Wednesday, December 21, 2016

Research: Older Workers Supervised by Younger People May Result in Negative Emotions, Corporate Harm

A new study finds that the age gap between older workers and younger supervisors is linked to the frequency of emotions such as "anger, fear and disgust" among employees, and that more frequent negative emotions of this type are associated with lower company performance in areas such as financial results, growth, efficiency, and return on assets. The research was conducted in Germany and published as "Younger supervisors, older subordinates: An organizational-level study of age differences, emotions, and performance" in the Journal of Organizational Behavior, and was conducted by Dr Jochen Menges, University Lecturer in Organisational Behaviour at Cambridge Judge Business School, and Professor Florian Kunze, Chair of Organisational Studies at the University of Konstanz in Germany.

According to Menges, they found that age gaps "can harm company performance by negatively influencing employee emotions. If the age gap is small, employees throughout a company are less likely to experience such negative emotions."
While the researchers do not question the effectiveness of merit-based promotion, “we do have evidence for some of the repercussions that companies are likely to face when moving away from traditional age structures and abandoning seniority-based promotion systems.” Companies should therefore think carefully about how to avoid such pitfalls, including less emphasis on “career timetables” and “hierarchical thinking” so employees would respond less emotionally to age differences.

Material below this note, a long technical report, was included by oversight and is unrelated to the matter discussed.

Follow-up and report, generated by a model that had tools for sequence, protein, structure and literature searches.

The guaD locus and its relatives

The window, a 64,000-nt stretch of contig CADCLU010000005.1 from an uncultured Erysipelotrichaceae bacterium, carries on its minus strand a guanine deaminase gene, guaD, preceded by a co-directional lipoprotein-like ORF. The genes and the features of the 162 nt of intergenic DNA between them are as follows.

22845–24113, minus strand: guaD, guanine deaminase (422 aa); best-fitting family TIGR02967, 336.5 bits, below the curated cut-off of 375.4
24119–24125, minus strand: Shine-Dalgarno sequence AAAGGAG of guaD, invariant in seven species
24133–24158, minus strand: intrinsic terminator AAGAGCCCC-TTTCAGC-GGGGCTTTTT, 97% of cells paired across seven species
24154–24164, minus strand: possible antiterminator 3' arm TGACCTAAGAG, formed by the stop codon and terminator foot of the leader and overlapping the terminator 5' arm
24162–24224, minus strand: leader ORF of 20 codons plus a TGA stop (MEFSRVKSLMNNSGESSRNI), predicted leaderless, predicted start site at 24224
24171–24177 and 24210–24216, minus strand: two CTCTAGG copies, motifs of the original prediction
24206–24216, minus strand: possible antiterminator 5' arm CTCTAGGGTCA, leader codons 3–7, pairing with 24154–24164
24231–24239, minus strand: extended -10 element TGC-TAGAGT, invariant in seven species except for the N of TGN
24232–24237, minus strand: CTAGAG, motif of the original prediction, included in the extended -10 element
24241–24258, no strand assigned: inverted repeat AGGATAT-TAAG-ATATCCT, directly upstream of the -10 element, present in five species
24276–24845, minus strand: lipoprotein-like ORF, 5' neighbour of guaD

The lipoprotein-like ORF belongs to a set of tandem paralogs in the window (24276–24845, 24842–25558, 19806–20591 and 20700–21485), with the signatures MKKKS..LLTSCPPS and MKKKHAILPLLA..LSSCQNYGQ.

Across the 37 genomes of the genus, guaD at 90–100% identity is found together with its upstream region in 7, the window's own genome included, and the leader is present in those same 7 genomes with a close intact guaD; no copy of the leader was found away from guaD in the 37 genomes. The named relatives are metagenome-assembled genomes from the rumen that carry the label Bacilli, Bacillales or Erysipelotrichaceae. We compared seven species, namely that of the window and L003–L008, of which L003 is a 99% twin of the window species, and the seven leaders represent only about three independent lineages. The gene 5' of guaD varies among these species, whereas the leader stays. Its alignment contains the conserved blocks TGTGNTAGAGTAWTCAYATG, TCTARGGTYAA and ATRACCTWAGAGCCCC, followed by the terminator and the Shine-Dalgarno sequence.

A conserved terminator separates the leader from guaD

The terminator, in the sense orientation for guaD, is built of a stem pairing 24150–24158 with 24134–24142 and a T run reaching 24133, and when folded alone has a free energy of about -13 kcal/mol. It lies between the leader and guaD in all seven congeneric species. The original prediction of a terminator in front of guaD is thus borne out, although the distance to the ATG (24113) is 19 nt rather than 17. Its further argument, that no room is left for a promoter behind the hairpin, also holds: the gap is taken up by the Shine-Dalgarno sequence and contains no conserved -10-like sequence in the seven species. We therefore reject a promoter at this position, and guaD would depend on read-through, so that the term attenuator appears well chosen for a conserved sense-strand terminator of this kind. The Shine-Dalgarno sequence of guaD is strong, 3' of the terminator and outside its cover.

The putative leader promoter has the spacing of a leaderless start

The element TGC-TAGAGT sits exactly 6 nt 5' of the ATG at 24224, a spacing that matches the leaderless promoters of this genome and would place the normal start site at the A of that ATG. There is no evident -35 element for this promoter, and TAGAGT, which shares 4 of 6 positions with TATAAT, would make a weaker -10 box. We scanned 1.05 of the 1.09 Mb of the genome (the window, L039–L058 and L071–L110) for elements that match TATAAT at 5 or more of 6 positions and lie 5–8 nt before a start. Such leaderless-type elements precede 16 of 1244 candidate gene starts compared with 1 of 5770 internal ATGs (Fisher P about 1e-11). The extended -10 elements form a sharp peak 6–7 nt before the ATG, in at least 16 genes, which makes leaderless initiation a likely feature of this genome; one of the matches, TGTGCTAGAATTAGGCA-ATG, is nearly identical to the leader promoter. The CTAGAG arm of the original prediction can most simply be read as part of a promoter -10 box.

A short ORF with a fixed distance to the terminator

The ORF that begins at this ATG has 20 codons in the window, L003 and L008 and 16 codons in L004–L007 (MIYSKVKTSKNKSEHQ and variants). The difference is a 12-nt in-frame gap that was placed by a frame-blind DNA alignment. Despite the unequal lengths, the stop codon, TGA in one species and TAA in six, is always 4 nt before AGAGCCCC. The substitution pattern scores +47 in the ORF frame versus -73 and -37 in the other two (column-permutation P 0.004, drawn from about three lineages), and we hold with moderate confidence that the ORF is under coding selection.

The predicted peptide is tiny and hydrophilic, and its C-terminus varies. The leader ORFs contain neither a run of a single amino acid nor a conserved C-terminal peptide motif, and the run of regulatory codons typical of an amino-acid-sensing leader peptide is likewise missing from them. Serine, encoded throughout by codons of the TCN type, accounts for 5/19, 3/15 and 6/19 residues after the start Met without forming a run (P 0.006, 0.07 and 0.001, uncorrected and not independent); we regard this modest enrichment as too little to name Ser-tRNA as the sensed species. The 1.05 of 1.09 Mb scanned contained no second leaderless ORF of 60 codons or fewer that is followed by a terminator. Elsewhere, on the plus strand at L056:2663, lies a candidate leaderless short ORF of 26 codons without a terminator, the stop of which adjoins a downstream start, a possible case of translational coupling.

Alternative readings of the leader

The study’s findings on emotion suppression were complex and nuanced. Whereas some previous studies found emotion suppression at the individual level to be a demanding and socially costly strategy, “we show that emotion suppression can be an effective strategy in circumstances that involve emotionally taxing social interactions.”

“This finding should not be taken to imply that organisations should promote cultures of emotional suppression,” the study says. Instead, companies should “approach the challenges of age-inverse supervisory relationships in ways that benefit both the company at the organisational level and the employees at the individual level, rather than one or the other.”

Source: University of Cambridge Judge Business SchoolNews Release (December 19, 2016)

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